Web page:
Browsing by Subject "POECILIA-RETICULATA"

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  • Kotrschal, Alexander; Lievens, Eva J. P.; Dahlbom, Josefin; Bundsen, Andreas; Semenova, Svetlana; Sundvik, Maria; Maklakov, Alexei A.; Winberg, Svante; Panula, Pertti; Kolm, Niclas (2014)
  • van Bergen, Erik; Lafuente, Elvira (2018)
    ABSTRACT Is the evolution of sexual traits predictable in the wild? Using replicate experimental guppy populations, Kemp et al. (2018) addressed this question and found that males evolved more elaborate ornamentation in response to a manipulation that increased the influence of sexual selection. Moreover, the study reveals that evolutionary trajectories of male ornamentation are causally affected by female preference and the environmental conditions under which sexual coloration is displayed and perceived. This article is protected by copyright. All rights reserved
  • Tringali, Angela; Bowman, Reed; Husby, Arild (2015)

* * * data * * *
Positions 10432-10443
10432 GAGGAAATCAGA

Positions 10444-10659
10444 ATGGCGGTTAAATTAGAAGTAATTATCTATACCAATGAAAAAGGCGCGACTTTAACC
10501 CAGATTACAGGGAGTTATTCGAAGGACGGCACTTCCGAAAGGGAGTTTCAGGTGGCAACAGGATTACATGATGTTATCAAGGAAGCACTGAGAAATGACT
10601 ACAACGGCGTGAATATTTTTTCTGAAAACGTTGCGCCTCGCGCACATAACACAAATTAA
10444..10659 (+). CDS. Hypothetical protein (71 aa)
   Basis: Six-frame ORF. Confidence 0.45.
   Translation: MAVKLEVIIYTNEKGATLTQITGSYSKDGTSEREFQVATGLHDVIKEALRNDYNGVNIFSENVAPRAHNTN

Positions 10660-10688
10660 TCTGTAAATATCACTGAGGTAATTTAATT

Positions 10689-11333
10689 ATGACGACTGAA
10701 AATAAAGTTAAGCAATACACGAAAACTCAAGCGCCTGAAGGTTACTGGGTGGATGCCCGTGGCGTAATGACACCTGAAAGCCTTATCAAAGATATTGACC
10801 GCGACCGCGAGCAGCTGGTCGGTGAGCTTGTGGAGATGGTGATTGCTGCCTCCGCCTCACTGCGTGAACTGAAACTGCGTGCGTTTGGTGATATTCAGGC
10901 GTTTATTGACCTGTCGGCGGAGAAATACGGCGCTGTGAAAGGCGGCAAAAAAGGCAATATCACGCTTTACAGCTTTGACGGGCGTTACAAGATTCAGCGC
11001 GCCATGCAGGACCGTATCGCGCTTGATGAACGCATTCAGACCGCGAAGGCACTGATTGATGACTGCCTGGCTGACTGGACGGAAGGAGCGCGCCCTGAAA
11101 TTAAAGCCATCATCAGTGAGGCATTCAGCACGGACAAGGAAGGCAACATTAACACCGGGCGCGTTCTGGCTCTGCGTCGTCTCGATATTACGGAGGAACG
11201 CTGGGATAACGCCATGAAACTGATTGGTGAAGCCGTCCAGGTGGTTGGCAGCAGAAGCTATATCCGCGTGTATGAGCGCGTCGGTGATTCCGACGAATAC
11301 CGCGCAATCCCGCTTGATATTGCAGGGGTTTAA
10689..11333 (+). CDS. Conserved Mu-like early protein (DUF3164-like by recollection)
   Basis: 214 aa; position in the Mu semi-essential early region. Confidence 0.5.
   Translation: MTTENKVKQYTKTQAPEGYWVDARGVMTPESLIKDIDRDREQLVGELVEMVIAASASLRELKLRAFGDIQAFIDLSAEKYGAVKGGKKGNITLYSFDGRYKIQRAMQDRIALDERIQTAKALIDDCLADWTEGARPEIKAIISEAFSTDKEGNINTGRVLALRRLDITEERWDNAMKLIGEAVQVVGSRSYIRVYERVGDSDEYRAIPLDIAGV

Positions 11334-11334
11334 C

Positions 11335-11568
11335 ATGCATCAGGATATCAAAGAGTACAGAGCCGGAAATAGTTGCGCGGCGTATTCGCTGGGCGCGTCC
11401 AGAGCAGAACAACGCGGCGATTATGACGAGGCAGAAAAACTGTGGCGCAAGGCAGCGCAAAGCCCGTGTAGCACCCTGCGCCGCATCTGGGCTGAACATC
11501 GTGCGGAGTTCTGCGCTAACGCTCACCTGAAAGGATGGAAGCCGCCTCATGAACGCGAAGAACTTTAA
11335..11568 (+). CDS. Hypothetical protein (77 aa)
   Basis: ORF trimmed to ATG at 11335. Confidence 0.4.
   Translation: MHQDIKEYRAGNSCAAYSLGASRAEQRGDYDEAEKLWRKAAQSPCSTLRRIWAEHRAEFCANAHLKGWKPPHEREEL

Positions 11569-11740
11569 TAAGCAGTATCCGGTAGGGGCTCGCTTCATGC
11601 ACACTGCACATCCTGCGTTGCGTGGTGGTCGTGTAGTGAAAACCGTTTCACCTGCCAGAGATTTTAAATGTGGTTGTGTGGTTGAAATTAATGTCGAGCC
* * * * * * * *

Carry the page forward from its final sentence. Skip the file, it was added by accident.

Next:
Sexually dimorphic plumage coloration is widespread in birds and is generally thought to be a result of sexual selection for more ornamented males. Although many studies find an association between coloration and fitness related traits, few of these simultaneously examine selection and inheritance. Theory predicts that sex-linked genetic variation can facilitate the evolution of dimorphism, and some empirical work supports this, but we still know very little about the extent of sex linkage of sexually dimorphic traits. We used a longitudinal study on juvenile Florida scrub-jays (Aphelocoma coerulescens) to estimate strength of selection and autosomal and Z-linked heritability of mean brightness, UV chroma, and hue. Although plumage coloration signals dominance in juveniles, there was no indication that plumage coloration was related to whether or not an individual bred or its lifetime reproductive success. While mean brightness and UV chroma are moderately heritable, hue is not. There was no evidence for sex-linked inheritance of any trait with most of the variation explained by maternal effects. The genetic correlation between the sexes was high and not significantly different from unity. These results indicate that evolution of sexual dimorphism in this species is constrained by low sex-linked heritability and high intersexual genetic correlation.